Another perennial problem with e-Sports is that competitions often have rules that prevent the entirety of a game from being featured. The very early competitions that Atari and Nintendo once organized had already shown this, when the onus was on getting high scores and such instead of portraying the game as their designers had envisioned.
The problem has only gotten worse over time, as games become more sophisticated. As an example, many competitions involving shooter games ban specific features of a game from being used, such as a past NASL tournament for Tribes: Ascend that banned certain in-game guns and munitions. There are plenty of reasons for such restrictions of course, but the fact that the competition does not portray the entirety of the game is still there and remains undeniable.
What is shown in the broadcasts is very, very far removed from what newcomers to the game will experience, as mentioned earlier. Even if one is not a newcomer but just a player of the game, he/she would soon realize that the "professional" gameplay that is shown in league-sponsored competitions is nowhere near what is encountered in regular matches.
That there are elitist notions of "pubs" (players who play in usually public circles with little to no restrictions) and "pros" (players who play in private circles that adhere to tournament rules for purposes of practice) only worsened the problem.
Fortunately, some communities can take such differences in a light-hearted - and amusing - manner.
Perhaps the most eyebrow-raising twist to this issue is that the game-makers condone these restrictions. They swallow the league organizers' reasons for the restrictions without much protest, despite these restrictions putting some of their game designs in a bad light - designs that they very likely personally believe in, mind you.
Of course, one can say that they are "supporting the fans' love for the game" and such other florid reasons, but one cannot deny that they would prefer to have e-sports leagues highlighting their games than not.
ENCOURAGING SPECIFIC DESIGNS AT THE EXPENSE OF OTHERS
All of the above problems would not have been much of a bother to players who are not looking for a career in professional gaming. Unfortunately, the increasingly prominent scene of professional gaming and gaming leagues has caused some game-makers to focus more on designs for competitive gameplay, at the expense of any other aspect that their game franchises may have stood for or may have potential for.
The Tribes franchise is one such example. Its backstory had roots in the MetalTech franchise, which despite being a BattleTech knock-off, had more potential than just having murderous warriors zipping around on hoverboots and jetpacks. Unfortunately, its roots have been forgotten, and the franchise is now little than just another facet of the competitive multiplayer gaming scene. This can be disappointing to those who had appreciated that Tribes: Vengeance had tried to make use of its backstory to deliver a worthwhile tale.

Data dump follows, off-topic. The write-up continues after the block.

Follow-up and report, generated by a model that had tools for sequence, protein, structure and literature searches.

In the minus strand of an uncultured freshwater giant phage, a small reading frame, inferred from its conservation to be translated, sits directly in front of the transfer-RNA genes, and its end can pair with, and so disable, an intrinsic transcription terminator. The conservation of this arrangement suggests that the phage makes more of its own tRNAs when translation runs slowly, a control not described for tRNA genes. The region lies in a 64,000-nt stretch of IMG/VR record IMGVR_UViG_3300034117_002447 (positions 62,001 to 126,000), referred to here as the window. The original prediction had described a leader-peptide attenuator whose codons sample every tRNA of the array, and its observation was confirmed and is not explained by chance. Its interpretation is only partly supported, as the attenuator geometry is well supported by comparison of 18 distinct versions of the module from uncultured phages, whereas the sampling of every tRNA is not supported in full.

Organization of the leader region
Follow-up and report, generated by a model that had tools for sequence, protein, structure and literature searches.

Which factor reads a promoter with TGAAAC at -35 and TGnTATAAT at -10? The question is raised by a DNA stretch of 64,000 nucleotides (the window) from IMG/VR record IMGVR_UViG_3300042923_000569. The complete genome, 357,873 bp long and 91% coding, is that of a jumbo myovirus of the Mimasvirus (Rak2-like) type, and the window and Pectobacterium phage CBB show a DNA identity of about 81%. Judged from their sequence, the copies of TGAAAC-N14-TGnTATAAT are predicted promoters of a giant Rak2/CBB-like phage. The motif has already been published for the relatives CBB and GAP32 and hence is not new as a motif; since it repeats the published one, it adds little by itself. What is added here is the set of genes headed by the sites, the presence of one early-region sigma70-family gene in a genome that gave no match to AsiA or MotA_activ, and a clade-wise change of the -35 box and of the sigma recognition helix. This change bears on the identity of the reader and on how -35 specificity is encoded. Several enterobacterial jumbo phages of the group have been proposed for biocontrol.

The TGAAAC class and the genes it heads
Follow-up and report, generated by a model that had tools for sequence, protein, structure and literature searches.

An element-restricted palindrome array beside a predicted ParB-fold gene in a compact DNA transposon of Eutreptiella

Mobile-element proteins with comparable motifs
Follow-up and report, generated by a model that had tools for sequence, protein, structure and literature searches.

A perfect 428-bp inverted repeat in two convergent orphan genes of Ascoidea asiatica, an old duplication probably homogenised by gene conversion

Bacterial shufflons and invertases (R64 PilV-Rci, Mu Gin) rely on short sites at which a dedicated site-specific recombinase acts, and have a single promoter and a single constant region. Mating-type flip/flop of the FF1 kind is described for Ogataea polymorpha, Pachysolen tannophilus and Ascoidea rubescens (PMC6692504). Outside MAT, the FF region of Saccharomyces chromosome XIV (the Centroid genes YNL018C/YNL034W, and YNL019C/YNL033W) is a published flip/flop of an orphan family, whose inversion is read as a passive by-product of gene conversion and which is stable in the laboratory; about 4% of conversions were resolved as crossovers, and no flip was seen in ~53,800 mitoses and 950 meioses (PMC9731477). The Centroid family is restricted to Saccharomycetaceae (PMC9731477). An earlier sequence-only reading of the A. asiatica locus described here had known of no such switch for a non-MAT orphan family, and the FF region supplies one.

In contrast, Tribes: Ascend ditched the roots of the franchise altogether. If they are utilized, then Hi-Rez only uses them as excuses to introduce new content now and then - namely cosmetic content that can only be obtained via micro-transactions.
Another example is the MechWarrior franchise, which has been reduced to a competitive multiplayer experience in the form of MechWarrior Online. BattleTech, which is what MechWarrior is based on, no longer has any significance beyond the original tabletop game. If it is featured in the latest MechWarrior game, then like Tribes: Ascend, it is utilized as little more than an excuse to introduce new gameplay content - namely more Mech parts that have to be unlocked before they can be used.
Yes, there were more than just giant robots in MechWarrior.
Game consumers who prefer immersive single-player experiences would be the ones to lose the most from such a change in the direction of game designs. That some of them would vehemently malign the e-Sports scene because of this would be quite understandable.
After having written all of the above, you may have the impression that I am against e-Sports. You would be somewhat right, but I would say here that e-sports should stay, if only for the sake of promoting gaming until it has become part-and-parcel of "normal" life. I only wish that it could stay without the influence of money and the lust for hype.
It is a tall order of course, but it can be done, as long as everyone that is involved keeps in mind that it is his/her passion about gaming that is most important in e-sports. He/She should not be exploiting e-Sports to make money off advertising or using it as a substitute for jobs with more stable incomes, e.g. salaries.
As for anyone else who would rather not have anything to do with e-sports and wish it to go away, then I would suggest this: don't bite the hype.